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Department
Physiology
Course
Physiology 2130
Professor
Anita Woods
Semester
Fall

Description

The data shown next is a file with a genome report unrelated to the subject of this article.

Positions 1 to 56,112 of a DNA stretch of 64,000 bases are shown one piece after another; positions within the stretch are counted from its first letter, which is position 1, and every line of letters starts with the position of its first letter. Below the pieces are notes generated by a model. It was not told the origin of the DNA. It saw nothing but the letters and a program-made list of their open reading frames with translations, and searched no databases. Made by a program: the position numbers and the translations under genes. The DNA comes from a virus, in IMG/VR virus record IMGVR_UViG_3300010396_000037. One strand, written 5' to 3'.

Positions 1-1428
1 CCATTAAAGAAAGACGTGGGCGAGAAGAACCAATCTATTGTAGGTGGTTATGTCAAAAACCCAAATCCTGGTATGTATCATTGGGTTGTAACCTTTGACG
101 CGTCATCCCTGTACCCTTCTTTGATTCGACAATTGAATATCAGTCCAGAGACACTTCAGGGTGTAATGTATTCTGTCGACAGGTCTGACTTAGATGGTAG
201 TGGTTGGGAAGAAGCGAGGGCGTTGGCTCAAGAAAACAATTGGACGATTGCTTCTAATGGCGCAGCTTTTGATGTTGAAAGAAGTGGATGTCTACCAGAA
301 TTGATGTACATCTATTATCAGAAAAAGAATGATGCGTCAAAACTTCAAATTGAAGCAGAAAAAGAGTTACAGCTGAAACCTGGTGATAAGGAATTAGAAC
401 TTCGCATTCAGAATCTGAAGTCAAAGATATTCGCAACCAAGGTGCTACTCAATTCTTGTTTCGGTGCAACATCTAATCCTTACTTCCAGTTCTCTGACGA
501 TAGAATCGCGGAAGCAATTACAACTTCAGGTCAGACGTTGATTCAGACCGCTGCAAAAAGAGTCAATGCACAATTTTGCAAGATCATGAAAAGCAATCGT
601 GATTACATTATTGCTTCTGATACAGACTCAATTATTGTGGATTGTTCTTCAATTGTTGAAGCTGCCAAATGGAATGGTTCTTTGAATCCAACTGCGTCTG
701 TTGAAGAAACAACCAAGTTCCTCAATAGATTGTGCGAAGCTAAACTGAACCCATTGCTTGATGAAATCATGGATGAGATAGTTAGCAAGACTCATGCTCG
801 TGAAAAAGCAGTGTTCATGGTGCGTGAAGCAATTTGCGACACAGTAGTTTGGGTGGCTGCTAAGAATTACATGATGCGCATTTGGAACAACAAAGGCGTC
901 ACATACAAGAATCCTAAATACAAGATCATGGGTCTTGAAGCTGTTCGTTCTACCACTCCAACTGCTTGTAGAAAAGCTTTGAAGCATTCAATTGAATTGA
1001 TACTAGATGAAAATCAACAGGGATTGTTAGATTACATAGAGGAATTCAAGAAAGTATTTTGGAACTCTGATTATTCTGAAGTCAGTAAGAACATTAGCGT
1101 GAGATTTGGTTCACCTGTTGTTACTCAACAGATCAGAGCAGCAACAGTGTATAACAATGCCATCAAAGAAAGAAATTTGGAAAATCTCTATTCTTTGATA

Reproductive System Section 14.1 – Objectives By the end of this section, you should be able to: • Describe the fetal development of the male and female reproductive systems. • Draw a diagram of the male reproductive system, showing all the structures. • List the functions of each of the male reproductive organs. • Define spermatogenesis and describe the sequence of events involved in the entire process. • Explain the control and regulation of the male reproductive system, including spermatogenesis and testosterone production. • List the functions of testosterone. • Draw a diagram of the female reproductive system, showing all the structures. • List the functions of each of the female reproductive organs. • Define oogenesis and describe the sequence of events involved in the entire process. • List the hormones of the ovaries and explain their function. • List the events in the menstrual cycle and describe how each hormone is involved in this cycle. Section 14.2 – Introduction • The sections that we have covered so far have all dealt with physiological systems whose primary function is to maintain homeostasis. • The combined functions of both male and female reproductive systems, on the other hand, are to pass on the genes of the individuals and to maintain the species. Section 14.3 – Fetal Development of the Reproductive System • Each cell in the body contains 23 pairs of chromosomes (shown below) – this includes a pair of sex chromosomes.  The sex chromosomes consist of a large X chromosome and a smaller Y chromosome.  All eggs contain an X chromosome while the sperm can carry either an X or Y chromosome. • The sex of the future baby is determined at the point of fertilization – if a sperm carrying the X chromosomes penetrates the egg carrying the X chromosome, then a female will develop (XX). • If, on the other hand, a sperm carrying the Y chromosomes fertilizes the X chromosome bearing egg, then a male will develop (XY). • However, development of each respective reproductive tract does not begin immediately after fertilization. Let's look at how this happens 1 Section 14.4 – Fetal Development of the Reproductive System • During the first 6 weeks of development, male and female embryos contain common (sometimes called indifferent) gonads.  These structures will eventually form the testes in the male or the ovaries in the female. • There are also two sets of primitive reproductive tracts: 1. The mesonephric or Wolffian Duct and 2. The paramesonephric or Mullerian Duct  With the correct cues, these structures will form either the male or female reproductive tracts. Let's have a closer look at these events. 2 Section 14.5 – Fetal Development of the Reproductive System • In the developing male embryo, at roughly 6 to 7 weeks the presence of the Y chromosome causes the indifferent gonads to develop into the testes. • However, in the developing female embryo, at about 9 weeks of development the XX chromosomes are activated and ovaries develop. • Once the testes or ovaries have developed, the reproductive tracts and external genitalia follow. • As mentioned on the previous page, the reproductive tracts develop from two primitive ducts: 1. The Wolffian duct 2. The Mullerian duct. Section 14.6 – Fetal Development of the Reproductive System • Male: o In the developing male fetus, at 7 weeks testicular cells begin to produce Mullerian inhibiting hormone (MIH) which causes the Mullerian duct to regress. o Then, at 9 weeks, testicular cells begin to produce testosterone.  This small surge in testosterone stimulates the Wolffian duct to develop into the epididymis, vas deferens, seminal vesicles, and the urethra.  The presence of testosterone also causes the development of the male external genitalia. • Female: o The development of the female reproductive tract and external genitalia requires no hormonal control. o In the developing female, since there is no Mullerian inhibiting hormone, the Mullerian duct develops into the fallopian tubes, uterus, cervix, and part of the vagina. o Also, since no testosterone is produced in the female fetus, the Wolffian duct regresses and female external genitalia develop. 3 Section 14.47 – The Reproductive Systems: Introduction (cont’d) • The male reproductive system:  Produce the sex steroid testosterone  Has effects during puberty  Produce sperm (called spermatogenesis), and to  Deliver it to the female vagina.As we will see, testosterone has many effects throughout the body, especially at puberty. • The female reproductive system:  More complex  Responsible for producing the sex steroid estrogen and the hormone progesterone.  Produces eggs, receives the sperm, and provides the optimal conditions for the development of the fetus. Section 14.8 – The Male Reproductive System: Structure 4 • The external genitalia: o Consists of the penis and scrotum.  The penis is made up of the urethra, glans penis, and the erectile tissue corpus spongiosum and corpus cavernosum.  The scrotum contains the testes where sperm and testosterone are produced. • After production, the sperm is stored in the epididymis. o During ejaculation, sperm travels through the ductus deferens (or vas deferens), mixes with fluid from the seminal vesicles, passes through the prostate, receives more fluid from the bulbourethral (Cowper's) gland, enters the urethra, and passes out through the penis. Section 14.9 - The Male Reproductive System: Structure (cont’d) • The Testes: • Consists of almost 1000 coiled seminiferous tubules, each of which is roughly 150 cm (60 inches) long.  After formation in the seminiferous tubule, the sperm move into the epididymis – another coiled tube that is roughly 6 meters (20 feet long).  The epididymis drains into the ductus deferens (or vas deferens).  Seminiferous tubules contain Sertoli cells and developing sperm.  Immediately outside the seminiferous tubule are the Leydig cells (also called interstitial cells). Section 14.10 – The Male Reproductive System: Function • We will examine the function of each structure by beginning with the smallest and working our way out toward the external environment. • Seminiferous tubules:  The site of spermatogenesis.  Spermatogenesis is regulated by sertoli cells (SC) o SCs maintain the developing sperm cells (called spermatogonia). o These cells also produce the hormone inhibin, secrete fluid that pushes the immature sperm to the epididymis, and form the blood-testis barrier (BTB).  The BTB isolates the developing sperm cells from the blood so that immune cells do not attack these genetically different cells.  If the BTB did not develop properly, immune cells would attack and destroy the developing sperm resulting in sterility. 5 • Leydig cells:  Located in the interstitial space between the seminiferous tubules  Produce testosterone. Section 14.11 – The Male Reproductive System: Function (cont’d) • The Epididymis:  The final maturation area and storage site for sperm. • The vas (or ductus) deferens:  Carries the sperm from the epididymis to the ejaculatory duct. • The Ejaculatory Duct:  Drains into the urethra. • Seminal Vesicles:  Contribute a large amount of fluid to the semen during ejaculation. The fluid, rich in fructose and enzymes, helps to maintain and nourish the sperm. • The Prostate Gland:  Also secretes enzymes and fluid that help to neutralize the acid environment of the urethra and vagina. • The Bulbourethral Gland (also called Cowper's Gland):  Also secretes a fluid that helps to neutralize the pH and lubricate the urethra and vagina to create an optimal environment for the sperm. • The Urethra:  Transports the sperm during ejaculation and drains the bladder during urination. 6 Section 14.12 – The Male Reproductive System: Spermatogenesis • As the male begins puberty and starts producing testosterone, sperm production (spermatogenesis) begins. • The spermatogonia, or germ cells:  Contain 46 chromosomes  Located at the outer edge of the seminiferous tubules  Divide by mitosis into two cells: 1. One will continue as a spermatogonia 2. The other will develop into a primary spermatocyte  Each still containing 46 chromosomes.  The primary spermatocyte divides by meiosis into two secondary spermatocyte (during first meiotic division) and then into four spermatid (during second meiotic division).  Throughout this process, the dividing cells, which are surrounded and nourished by the Sertoli cells, work their way to the center of the tubule.  The spermatids develop into sperm cells, where they are released by the Sertoli cells into the lumen of the seminiferous tubules.  This whole process takes 64 days to complete and ends with 4 sperm cells that contains 23 chromosomes each – half of the original number. • Video: Spermatogonia are the cells from which sperm cells arise. The spermatogonia divide by mitosis. One daughter cell remains a spermatogonia and the other becomes a primary spermacyte. The primary spermatocyte divides by meiosis to form secondary spermatocytes. Secondary spermatocytes divide again to form spermatids. The spermatids differentiate into sperm cells. 7 Section 14.13 – The Male Reproductive System: Spermatogenesis (cont’d) • Although not fully mature and able to swim, the sperm cell contains a head with an acrosome and nucleus, a midpiece with mitochondria, and a long tail or flagellum that will propel the sperm once it fully matures. • Complete maturation of the sperm takes another 12 days and occurs as the sperm are moved to the epididymis by the fluid that is secreted by the Sertoli cells. Section 14.14 – The Male Reproductive System: Control of Testicular Function • The functions of the testes are controlled by follicle stimulating hormone (FSH) and luteinizing hormone (LH, aka interstitial cell stimulating hormone or ICSH) released by the anterior pituitary gland in response to gonadotropin releasing hormone (GnRH) from the hypothalamus. • FSH acts on the Sertoli cells to promote spermatogenesis while also producing the hormone inhibin.  Inhibin feeds back to the anterior pituitary to decrease the release of LH and FSH.  LH stimulates the Leydig cells to produce the male sex hormone testosterone. o Testosterone, also essential for spermatogenesis, will feed back to both the hypothalamus and the anterior pituitary to decrease the production and secretion of LH and FSH. Section 14.15 – The Male Reproductive System: Testosterone • Testosterone:  Asteroid hormone produced by the Leydig cells in the testes.  Testosterone production involves a series of complex reactions (shown below) that begins with cholesterol and the formation of several intermediates ending in the production of testosterone.  Note the structural similarity between cholesterol and the testosterone. 8  Also of interest is the presence of progesterone, one of the female hormones, as one of the intermediates leading to testosterone production. . Section 14.16 – The Male Reproductive System: Testosterone Levels andAge • The levels of testosterone vary throughout life. • The diagram below shows that there is a rise in testosterone levels during fetal development.  This rise in testosterone is necessary for the development of the male reproductive tract and external genitalia in the fetus.  After birth there is another brief increase in testosterone – however, the function of this is unknown. • The levels of testosterone then remain low until puberty. 9 Section 14.17 – The Male Reproductive System: Testosterone • Puberty marks the transition from childhood (non-reproductive state) to adulthood (reproductive state).  At puberty, which in males occurs between the ages 9 to 14, the levels of gonadotropin releasing hormone (GnRH) begin to increase.  The cause of this increase in GnRH remains unclear, however, it leads to an increase in LH and FSH, which then cause testosterone levels to rise, as well. o This increase causes the final maturation of the male reproductive system to the point where mature sperm is produced.  Sexual maturity and peak testosterone levels are reached around the age of 16 to 18. • REFER to the graph picture above! Section 14.18 – The Male Reproductive System: Testosterone • Testosterone has a wide variety of functions in the body, including those listed below. 10 Section 14.19 – The Male Reproductive System: Testosterone • Beginning at roughly 40 years of age there is a slow decrease in the levels of testosterone. • At age 50 sperm production begins to decrease.  This period of decreased testosterone production is called andropause and may occur because the Leydig cells, which produce testosterone, no longer fully respond to LH.  Andropause is accompanied by decreased sexual desire and erectile ability, fatigue and depression, decreased lean body mass, increased obesity, and decreased bone density. • REFER to graph again! Section 14.20 – The Male Reproductive System: Review • The Testes:  Develop from the common or indifferent gonads in the presence of the XY chromosomes.  The testes then begin to produce Mullerian Inhibiting hormone (MIH) which cause the regression of the Mullerian duct.  Testosterone is then produced which causes the Wolffian duct to develop into the male reproductive tract.  The testes contain the Leydig cells, Sertoli cells, and the seminiferous tubules.  The seminiferous tubule converges and forms into the epididymis which drains into the vas deferens, which joins the urethra as it passes through the prostate. 11 • You should also know the function of every structure shown below. Section 14.21 - The Male Reproductive System—Review (cont’d) • Spermatogenesis:  The production of sperm  Relies on the two pituitary hormones  Luteinizing hormone (LH) and  Follicle stimulating hormone (FSH), as well as o FSH acts on the Sertoli cells to promote spermatogenesis, while LH stimulates the production of testosterone by the Leydig cells.  The male sex hormone testosterone.  Spermatogenesis takes place in the seminiferous tubules where the spermatogonia form into primary spermatocytes then into secondary spermatocytes and finally into spermatids.  The final maturation process will be completed by the time the sperm leave the epididymis. You should also be familiar with the functions of testosterone at this point (pic below). 12 Section 14.22 - The Female Reproductive System: Structure • The external genitalia:  Collectively called the vulva.  They include:  The clitoris: o Asmall mound of erectile tissue that is derived from the same embryonic tissue as the penis.  The labium majus (aka the labia majora): o Which surrounds the labia minus (aka the labia minora – also part of the vulva) o Both of these are folds of skin derived from the same embryonic tissue as the scrotum and the shaft of the penis, respectively.  The labium minora encloses the vaginal orifice – the opening to the vagina. Section 14.22 – The Female Reproductive System: Structure 13 • The female internal genitalia:  Includes:  The vagina: o The canal that receives the penis during intercourse and where sperm is deposited.  The sperm will travel through the cervix into the